Dietary supplements and other foods
Eating foods rich in omega-3 fatty acids is a way to treat dry eye disease by reducing inflammation. This allows the production of more and better-quality tears. Foods rich in acids include sardines, tuna, salmon, mackerel, and trout. Literature has shown that healthy fats assist the meibomian glands to function better and relieve irritation. Others are vegetable oils (such as soya bean oil and palm oil), flaxseed, chia seeds, and walnut. Omega-3 fats are also found in tablets or pills, but one is advised to consult the physician before taking any supplements.
Research has shown that specific vitamins can help alleviate dry eye syndrome symptoms. For instance, a lack of vitamin D can cause dry eye symptoms. Eating a balanced diet containing vegetables, meat, dairy products, and fruits can help with dry eyes. Foods rich in Vitamin B6, B9, C, and E, as well as thiamine, niacin, riboflavin, and lutein and zeaxanthin, have been shown to assist in dry eyes.
Some people should avoid foods that influence an inflammatory response which can affect the eyes. Examples include nuts, gluten, dairy products, etc. One can try avoiding these foods for at least a month and see whether the inflammation goes down.
Keeping the body hydrated, including the eyes, is another way to treat dry eyes. The affected person is encouraged to drink at least ten glasses of water throughout the day. One does not have to wait to be thirsty to drink water since thirst may indicate that one is dehydrated. Drinking water helps to keep the eyes moist. Foods rich in water, such as watermelons and cucumbers, can help, as well as liquids without caffeine or alcohol for those who do not like plain water. It is easy to tell if one is dehydrated by the color of the urine. If the urine has no color or is light yellow, one is not dehydrated.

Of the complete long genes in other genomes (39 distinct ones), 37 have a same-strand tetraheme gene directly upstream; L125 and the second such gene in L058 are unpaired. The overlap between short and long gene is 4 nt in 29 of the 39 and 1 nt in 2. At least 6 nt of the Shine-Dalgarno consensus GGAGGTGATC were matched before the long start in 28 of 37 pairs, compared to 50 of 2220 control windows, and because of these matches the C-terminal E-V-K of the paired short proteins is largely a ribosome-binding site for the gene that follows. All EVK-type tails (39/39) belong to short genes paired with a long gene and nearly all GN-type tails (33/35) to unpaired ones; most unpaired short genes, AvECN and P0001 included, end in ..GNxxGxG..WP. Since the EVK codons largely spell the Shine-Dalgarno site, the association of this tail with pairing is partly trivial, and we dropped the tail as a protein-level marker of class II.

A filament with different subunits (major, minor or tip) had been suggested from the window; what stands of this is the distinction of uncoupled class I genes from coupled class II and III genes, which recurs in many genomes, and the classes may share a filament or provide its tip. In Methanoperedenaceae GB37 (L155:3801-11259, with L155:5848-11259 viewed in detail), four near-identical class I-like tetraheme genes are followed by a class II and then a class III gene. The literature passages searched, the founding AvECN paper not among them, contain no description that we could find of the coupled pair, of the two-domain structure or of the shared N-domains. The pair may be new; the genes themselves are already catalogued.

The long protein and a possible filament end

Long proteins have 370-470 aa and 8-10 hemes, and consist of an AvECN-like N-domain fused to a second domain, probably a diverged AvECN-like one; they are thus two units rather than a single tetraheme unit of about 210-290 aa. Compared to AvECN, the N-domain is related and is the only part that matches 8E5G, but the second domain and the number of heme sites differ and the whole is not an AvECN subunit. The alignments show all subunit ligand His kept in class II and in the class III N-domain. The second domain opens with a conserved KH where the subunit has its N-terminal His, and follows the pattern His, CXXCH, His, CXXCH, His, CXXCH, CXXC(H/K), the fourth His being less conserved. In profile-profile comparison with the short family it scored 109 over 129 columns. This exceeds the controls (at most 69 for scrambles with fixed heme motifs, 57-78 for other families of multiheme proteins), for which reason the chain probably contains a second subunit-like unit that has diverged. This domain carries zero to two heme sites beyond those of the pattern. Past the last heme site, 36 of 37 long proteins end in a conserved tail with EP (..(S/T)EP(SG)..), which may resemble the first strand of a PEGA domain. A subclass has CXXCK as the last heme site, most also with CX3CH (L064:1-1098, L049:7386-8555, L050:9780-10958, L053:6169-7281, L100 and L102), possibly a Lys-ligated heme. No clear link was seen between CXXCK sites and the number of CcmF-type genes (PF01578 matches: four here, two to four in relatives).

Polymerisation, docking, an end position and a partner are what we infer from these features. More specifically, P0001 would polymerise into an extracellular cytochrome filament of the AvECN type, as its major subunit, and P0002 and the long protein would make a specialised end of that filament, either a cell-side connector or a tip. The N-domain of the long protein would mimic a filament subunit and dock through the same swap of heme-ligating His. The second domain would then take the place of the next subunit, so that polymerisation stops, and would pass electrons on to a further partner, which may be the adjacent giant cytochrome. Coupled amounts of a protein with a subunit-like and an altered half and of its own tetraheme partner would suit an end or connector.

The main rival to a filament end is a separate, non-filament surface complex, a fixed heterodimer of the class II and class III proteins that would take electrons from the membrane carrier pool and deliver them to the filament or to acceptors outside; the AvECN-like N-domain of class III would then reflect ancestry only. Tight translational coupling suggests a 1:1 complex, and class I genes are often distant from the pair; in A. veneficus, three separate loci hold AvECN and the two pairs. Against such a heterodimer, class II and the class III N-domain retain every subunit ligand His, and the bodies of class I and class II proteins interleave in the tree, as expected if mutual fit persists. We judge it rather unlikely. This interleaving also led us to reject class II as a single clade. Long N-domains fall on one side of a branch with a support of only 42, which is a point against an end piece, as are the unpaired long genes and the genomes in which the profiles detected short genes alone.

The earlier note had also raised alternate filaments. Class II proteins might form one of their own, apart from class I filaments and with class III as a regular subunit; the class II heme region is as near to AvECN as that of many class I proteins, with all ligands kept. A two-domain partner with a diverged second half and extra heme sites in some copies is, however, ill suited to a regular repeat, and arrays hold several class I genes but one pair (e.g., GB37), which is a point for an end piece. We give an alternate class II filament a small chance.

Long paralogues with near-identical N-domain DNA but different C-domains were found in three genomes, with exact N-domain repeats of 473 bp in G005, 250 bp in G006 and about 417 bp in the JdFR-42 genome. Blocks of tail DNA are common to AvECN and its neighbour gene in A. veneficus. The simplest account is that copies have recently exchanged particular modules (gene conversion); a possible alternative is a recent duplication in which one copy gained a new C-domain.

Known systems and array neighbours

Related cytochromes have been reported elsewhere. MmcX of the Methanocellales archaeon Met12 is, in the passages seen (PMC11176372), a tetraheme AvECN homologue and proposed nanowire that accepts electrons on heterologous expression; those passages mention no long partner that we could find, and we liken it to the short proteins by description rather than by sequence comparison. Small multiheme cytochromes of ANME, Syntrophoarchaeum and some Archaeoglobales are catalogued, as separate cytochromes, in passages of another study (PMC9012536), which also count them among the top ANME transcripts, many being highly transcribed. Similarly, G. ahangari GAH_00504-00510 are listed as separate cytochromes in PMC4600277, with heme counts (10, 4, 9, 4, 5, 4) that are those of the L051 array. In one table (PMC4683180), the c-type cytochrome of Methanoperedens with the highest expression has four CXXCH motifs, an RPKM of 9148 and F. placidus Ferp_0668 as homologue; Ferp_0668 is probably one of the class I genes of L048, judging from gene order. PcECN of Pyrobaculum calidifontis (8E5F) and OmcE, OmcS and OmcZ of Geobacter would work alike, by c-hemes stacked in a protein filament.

Nonprescription medications can help alleviate symptoms of dry eyes. Some artificial tears can help bring relief. The artificial tears may or may not contain preservatives. Those with preservatives help prevent bacteria from growing once the bottle is opened. People who react to artificial tears with preservatives or use the tears more than four times daily should use preservative-free tears. Drops without preservatives come in single vials where each vial is discarded after use. Those who use eye drops more than four times per day would do well with non-preservative eye drops. Ointments can also be used since they provide long-term relief for patients with dry eyes. These ointments coat the eyeball and are best used before bedtime.
Potential Side Effects & Interactions
The side effects and interactions depend on the particular remedy. For instance, artificial tears ointments can cause cloudy vision. Artificial tears can also cause blurry vision, itching, eyelid crusting, redness, eye pain, and so on. If the compresses are too hot, they may cause a burning sensation.
Symptoms of Overdose & Storage
Overdosing on artificial tears can have severe and life-threatening side effects.